Google has provided new information on the end of the troubled development process for the FLoC (Federated Learning of Cohorts) it had hoped to use as a replacement for cookies, and it has done so as part of its reveal of another proposed replacement: Topics.
The search giant’s first attempt to replace the third-party cookie with its own technology was met with staunch opposition from some, a wary eye from others, and very little positive feedback. It originally committed, in early 2021, to ending third-party cookie support within its Chrome browser in 2022. At that time, Google intended for FLoC to replace cookies with a new technology which it claimed was far more anonymized and still able to yield conversion rates of 95% for every ad dollar spent.
Obviously, things didn’t work out quite as the company had hoped. It eventually ended the development of FLoC in July 2021, around the same time it announced that Chrome would continue supporting third party cookies until at least mid-2023. The company had remained cagey on how it planned to move forward with its still-extant plans to replace the cookie until now.
Dubbed simply “Topics,” the new technology aims to track users anonymously using a new API designed to fulfill Google’s four main privacy goals:
The technology must make it “difficult to reidentify significant numbers of users across sites using just the API.”
It should offer a viable replacement for “a subset of the capabilities of third-party cookies.”
Any recorded data must be “less personally sensitive” than what is being collected today.
The API should be understandable to users and transparent in its intentions.
Google apparently feels its Topics API meets all of these criteria while still providing the data interest-based ads (IBAs) need to continue operating at a level similar to their current cookie-based endeavors.
In addition to posting a GitHub entry revealing the technical details of Topics, Google’s Privacy Sandbox lead Ben Galbraith also held a press briefing in which he revealed additional parameters to several news outlets. Among them was the fact that Topics will initially attempt to track the user’s behavior across up to 300-350 specific areas of interest. These areas are based on the IAB Audience Taxonomy, which contains a much more comprehensive list of 1,500 or so trackable areas of interest.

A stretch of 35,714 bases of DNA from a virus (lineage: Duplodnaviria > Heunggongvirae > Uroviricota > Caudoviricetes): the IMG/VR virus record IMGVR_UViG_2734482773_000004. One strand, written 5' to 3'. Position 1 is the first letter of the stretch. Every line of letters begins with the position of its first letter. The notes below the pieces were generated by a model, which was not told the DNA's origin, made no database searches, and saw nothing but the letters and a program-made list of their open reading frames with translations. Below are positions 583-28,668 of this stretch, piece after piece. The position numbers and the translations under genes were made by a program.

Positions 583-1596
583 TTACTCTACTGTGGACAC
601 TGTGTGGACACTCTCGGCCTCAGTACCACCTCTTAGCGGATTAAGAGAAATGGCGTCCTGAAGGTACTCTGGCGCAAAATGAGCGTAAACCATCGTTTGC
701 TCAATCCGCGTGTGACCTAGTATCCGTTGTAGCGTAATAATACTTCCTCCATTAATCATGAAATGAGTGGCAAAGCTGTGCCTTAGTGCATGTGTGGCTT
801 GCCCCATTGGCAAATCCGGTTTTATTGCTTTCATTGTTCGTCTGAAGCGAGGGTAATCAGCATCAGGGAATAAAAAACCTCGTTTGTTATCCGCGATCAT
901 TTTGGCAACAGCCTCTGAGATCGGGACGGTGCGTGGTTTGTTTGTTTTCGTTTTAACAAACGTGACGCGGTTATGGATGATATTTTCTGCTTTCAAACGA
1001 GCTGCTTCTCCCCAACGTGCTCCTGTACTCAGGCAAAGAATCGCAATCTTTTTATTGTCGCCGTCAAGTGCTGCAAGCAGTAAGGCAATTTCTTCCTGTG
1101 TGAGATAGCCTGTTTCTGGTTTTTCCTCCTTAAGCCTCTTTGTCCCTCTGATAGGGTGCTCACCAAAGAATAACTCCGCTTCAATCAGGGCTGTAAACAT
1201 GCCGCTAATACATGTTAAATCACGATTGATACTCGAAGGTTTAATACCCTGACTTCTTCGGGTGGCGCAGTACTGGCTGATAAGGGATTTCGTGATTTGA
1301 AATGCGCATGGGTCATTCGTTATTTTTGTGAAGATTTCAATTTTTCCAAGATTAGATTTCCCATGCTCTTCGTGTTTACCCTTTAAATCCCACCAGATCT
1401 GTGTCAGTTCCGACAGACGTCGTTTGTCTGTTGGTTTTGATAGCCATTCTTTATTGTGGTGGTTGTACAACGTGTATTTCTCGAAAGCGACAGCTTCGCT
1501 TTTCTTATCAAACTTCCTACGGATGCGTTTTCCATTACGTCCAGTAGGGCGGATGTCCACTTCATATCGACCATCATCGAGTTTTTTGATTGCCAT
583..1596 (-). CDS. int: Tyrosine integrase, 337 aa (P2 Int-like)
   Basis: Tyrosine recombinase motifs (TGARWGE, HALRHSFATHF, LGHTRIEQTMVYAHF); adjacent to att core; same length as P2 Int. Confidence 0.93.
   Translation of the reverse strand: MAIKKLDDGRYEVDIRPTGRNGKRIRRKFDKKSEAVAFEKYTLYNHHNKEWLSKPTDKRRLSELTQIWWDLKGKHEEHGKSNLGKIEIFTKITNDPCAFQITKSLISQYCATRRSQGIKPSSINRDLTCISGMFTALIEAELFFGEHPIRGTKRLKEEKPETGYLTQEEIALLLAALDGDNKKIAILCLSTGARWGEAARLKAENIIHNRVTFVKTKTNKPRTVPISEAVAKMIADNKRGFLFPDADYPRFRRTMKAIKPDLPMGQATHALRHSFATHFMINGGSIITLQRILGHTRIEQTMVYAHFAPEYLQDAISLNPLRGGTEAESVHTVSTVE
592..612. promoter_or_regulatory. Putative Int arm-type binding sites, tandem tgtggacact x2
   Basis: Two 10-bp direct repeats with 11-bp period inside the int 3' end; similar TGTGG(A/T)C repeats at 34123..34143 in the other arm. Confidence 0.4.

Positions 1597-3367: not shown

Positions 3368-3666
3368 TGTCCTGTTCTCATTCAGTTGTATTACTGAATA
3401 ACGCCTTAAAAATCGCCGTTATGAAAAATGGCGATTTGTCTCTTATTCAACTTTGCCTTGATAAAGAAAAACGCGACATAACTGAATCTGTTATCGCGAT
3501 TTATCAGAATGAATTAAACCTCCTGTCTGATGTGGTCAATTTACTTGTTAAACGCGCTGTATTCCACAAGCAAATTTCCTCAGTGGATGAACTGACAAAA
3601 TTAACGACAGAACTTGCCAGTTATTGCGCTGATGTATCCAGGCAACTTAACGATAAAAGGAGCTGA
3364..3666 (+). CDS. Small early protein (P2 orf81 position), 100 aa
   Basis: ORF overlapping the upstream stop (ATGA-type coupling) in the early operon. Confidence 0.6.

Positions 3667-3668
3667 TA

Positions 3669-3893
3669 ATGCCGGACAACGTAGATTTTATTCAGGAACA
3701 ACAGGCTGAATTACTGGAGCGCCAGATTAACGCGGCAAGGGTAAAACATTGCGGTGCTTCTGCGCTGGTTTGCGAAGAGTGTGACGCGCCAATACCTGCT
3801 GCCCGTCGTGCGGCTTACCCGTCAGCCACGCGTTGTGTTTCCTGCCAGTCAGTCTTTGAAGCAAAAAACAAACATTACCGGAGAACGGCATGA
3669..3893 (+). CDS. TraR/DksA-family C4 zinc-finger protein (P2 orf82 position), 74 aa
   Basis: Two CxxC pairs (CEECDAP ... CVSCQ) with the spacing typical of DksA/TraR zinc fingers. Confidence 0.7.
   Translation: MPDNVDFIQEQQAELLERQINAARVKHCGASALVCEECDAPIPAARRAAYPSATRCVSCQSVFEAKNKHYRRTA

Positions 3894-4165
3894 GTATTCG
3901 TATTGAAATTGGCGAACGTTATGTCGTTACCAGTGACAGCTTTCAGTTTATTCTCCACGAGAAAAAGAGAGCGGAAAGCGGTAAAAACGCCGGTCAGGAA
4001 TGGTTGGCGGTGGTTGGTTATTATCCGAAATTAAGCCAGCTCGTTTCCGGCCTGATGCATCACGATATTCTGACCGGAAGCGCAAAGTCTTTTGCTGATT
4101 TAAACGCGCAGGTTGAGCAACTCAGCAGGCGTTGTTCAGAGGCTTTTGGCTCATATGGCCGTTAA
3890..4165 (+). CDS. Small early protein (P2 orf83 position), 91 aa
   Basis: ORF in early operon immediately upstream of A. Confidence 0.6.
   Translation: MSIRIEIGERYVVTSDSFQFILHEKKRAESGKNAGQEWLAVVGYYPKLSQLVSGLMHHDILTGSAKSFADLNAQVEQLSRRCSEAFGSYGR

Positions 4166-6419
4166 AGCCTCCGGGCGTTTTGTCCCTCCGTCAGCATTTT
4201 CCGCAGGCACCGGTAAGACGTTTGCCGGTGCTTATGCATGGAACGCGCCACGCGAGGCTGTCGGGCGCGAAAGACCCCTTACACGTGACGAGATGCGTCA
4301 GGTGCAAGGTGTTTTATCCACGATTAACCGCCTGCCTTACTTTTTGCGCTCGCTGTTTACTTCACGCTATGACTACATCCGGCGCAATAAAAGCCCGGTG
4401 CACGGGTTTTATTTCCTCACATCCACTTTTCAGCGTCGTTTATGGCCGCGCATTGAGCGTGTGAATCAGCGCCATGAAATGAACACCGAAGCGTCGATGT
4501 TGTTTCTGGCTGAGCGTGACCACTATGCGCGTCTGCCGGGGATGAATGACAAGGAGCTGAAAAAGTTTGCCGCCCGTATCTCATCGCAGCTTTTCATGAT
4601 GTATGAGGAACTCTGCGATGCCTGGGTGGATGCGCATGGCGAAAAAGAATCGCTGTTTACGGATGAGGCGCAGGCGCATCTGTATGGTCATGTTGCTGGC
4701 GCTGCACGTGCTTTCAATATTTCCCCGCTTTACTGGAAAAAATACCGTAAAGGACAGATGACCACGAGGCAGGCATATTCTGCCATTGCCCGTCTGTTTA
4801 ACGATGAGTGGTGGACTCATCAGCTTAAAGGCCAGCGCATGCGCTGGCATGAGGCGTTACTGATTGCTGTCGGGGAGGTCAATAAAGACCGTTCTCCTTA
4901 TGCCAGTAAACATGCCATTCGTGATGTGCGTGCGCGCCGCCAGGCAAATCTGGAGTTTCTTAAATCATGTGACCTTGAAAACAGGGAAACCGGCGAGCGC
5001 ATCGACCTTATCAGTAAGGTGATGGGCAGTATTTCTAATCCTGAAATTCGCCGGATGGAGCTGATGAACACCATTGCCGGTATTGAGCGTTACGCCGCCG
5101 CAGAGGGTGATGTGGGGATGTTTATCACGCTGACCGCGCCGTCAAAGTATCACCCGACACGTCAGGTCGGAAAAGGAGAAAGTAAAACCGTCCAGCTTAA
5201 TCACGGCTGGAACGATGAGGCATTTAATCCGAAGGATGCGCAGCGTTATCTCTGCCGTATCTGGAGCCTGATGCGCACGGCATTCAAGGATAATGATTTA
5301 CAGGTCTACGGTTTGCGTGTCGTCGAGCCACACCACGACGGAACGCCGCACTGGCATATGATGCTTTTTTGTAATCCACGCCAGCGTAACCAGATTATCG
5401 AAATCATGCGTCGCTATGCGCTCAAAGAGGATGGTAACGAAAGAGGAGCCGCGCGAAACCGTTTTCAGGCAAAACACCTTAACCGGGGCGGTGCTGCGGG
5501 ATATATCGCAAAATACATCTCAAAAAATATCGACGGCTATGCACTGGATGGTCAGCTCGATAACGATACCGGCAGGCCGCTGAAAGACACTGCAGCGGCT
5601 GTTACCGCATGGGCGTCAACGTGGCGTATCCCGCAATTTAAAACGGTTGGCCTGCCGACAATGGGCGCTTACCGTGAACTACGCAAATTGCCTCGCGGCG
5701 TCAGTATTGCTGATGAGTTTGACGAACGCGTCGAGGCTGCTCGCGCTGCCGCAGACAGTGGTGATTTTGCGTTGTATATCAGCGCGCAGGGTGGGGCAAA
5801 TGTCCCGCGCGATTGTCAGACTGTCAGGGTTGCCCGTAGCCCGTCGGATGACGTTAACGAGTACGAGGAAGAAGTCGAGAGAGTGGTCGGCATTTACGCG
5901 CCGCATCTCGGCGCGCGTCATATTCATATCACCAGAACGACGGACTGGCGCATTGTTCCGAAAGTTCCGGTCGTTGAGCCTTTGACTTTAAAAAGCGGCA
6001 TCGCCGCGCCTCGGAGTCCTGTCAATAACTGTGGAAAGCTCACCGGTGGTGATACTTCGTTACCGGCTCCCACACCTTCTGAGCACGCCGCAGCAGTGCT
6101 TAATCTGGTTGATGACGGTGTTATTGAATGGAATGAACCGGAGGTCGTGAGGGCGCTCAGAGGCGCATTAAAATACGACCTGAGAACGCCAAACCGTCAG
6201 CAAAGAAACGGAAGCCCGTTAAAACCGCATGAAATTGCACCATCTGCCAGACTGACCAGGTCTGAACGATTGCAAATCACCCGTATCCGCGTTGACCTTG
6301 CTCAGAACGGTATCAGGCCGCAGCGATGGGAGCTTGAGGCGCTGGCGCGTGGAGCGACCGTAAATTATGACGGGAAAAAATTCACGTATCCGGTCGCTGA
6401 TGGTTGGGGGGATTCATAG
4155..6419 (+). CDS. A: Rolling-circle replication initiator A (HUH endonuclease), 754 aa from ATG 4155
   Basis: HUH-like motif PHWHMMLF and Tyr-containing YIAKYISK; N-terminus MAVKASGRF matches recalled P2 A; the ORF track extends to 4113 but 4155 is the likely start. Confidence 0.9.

Google’s GitHub post noted that this is an initial design, hinting at the fact that those 350, or so, might expand further in the future. According to Galbraith, if they do, they will not be expanding into what Google called “sensitive topics,” which includes things like the user’s race and gender.
In practical operation, the Topics API lets the user’s browser share three of their detected areas of interest when the user visits a site using IBAs. The API will randomly select those three from among the top five it detected. One topic will be chosen from the top five for each of the previous three weeks to give a better but still anonymized picture of the user’s recent online browsing history. Google intends for users to be able to get personally involved with their Topics as well, noting that they will be able to disable the tracking of specific areas of interest while also being able to review what Topics have been chosen for them at any given point.
This level of transparency and user control addresses two of the biggest issues Google heard about in feedback surrounding the failed FLoC proposal: that it was too opaque and added too much personalized “digital fingerprinting” data to the system. The company’s aforementioned promise to avoid “sensitive” topics likewise addresses an unfortunate tendency that FLoC had for automatically creating ad cohorts around topics like gender and race.
Google plans to begin testing Topics with external parties sometime later this quarter. It remains to be seen whether this technology will fare any better than FLoC or if Google will once again be forced to continue accepting third-party cookies within its Chrome browser for years to come.